• If you're having a good morning and want to change that, this story about NYC's piss-poor recycling programs will help level you out. (Nick Pinto for Hell Gate)
• The Brooklyn Democratic Party, the dysfunctional immortal shitshow that keeps on shitshowing, held its latest shitshow on Wednesday night this week. The meeting was supposed to start at 7 pm but started at 10 pm, 90 minutes before the lights were turned off, and everyone was sent home with literally nothing accomplished. Good job to everyone involved. You really know how to embarrass yourselves. (Jonathan Custodio and Gorge Joseph for The City)
• Not to be outdone by the Brooklyn Democratic Party, the increased frequency of storms over the last year caused sewer backups to nearly double in the last year, causing some literal shitshows. (Liz Donovan for City Limits)
• The commission responsible for redrawing the city's districts voted against releasing its own maps, which will be in place for the next decade. The time remaining for the work to complete is dwindling, as the commission is supposed to be finished by February 7. (David Cruz for Gothamist)
• This is some bullshit: Erick Adame, an Emmy-nominated meteorologist who worked for NY1, says he was fired after someone sent nude screenshots of him to NY1. The screenshots were taken and sent without Adame's permission, and the firing certainly can be seen as discriminatory. (Matt Tracy for Gay City News)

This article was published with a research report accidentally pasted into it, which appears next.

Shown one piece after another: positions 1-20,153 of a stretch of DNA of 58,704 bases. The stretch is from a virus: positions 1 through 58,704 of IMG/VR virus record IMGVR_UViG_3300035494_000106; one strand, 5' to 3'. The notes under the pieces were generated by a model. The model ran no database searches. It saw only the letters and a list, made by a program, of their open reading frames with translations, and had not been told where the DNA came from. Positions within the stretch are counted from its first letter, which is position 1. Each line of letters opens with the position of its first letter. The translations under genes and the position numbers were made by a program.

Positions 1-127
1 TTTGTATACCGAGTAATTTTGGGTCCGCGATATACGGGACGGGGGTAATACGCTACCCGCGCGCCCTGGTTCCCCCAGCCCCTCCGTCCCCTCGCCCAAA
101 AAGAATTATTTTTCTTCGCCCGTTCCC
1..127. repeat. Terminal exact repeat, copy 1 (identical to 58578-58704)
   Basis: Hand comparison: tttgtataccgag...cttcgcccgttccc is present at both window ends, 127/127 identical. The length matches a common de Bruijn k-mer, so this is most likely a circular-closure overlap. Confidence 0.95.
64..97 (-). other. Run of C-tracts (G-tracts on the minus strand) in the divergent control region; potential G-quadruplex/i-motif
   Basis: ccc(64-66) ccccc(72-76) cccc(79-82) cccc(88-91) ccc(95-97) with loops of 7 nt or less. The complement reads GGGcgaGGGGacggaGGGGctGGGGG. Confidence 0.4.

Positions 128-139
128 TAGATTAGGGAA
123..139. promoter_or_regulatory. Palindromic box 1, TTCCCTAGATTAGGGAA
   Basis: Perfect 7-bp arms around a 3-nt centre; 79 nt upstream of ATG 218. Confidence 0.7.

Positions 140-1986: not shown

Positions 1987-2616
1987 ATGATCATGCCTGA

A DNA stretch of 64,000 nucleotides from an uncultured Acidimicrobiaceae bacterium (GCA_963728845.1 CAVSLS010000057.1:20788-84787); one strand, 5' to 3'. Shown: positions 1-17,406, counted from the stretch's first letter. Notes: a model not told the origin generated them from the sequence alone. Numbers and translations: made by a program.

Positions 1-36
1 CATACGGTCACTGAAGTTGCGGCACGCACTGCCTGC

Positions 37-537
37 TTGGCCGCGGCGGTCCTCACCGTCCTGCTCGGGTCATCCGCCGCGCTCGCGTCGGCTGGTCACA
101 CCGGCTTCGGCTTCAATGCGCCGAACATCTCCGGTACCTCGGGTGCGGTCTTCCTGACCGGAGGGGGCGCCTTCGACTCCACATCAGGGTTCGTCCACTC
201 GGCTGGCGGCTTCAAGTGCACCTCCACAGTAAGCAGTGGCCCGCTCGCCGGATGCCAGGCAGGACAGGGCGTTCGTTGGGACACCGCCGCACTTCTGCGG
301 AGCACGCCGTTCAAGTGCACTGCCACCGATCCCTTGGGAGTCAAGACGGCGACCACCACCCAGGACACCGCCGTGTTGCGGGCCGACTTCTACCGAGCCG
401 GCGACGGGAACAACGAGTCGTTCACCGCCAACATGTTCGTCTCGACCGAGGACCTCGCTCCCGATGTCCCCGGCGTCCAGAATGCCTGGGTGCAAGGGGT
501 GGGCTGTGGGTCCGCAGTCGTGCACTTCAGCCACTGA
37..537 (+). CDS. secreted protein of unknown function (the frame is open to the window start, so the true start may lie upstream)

• If you're unsatisfied with the subway, you're in the majority. In the system, only seven lines have a rating of over 50%, three of which are shuttles, and one is the Staten Island Railway. Of the non-shuttles, the L and G trains have the highest ratings of 53% and 52%, which are still miserable. (Aaron Ginsburg for 6sqft)
• Seven forgotten subway entrances. If they were forgotten, how does this list even exist? Spooky season indeed. (Nicole Saraniero for Untapped New York)
• Goop is one of the state's top delinquent taxpayers. (Matt Troutman for Patch)
• A malfunctioning water tank appears to be at the center of the Schroedinger's arsenic issue at the Jacob Riis Houses. Investigations are still ongoing. (Greg B. Smith for The City)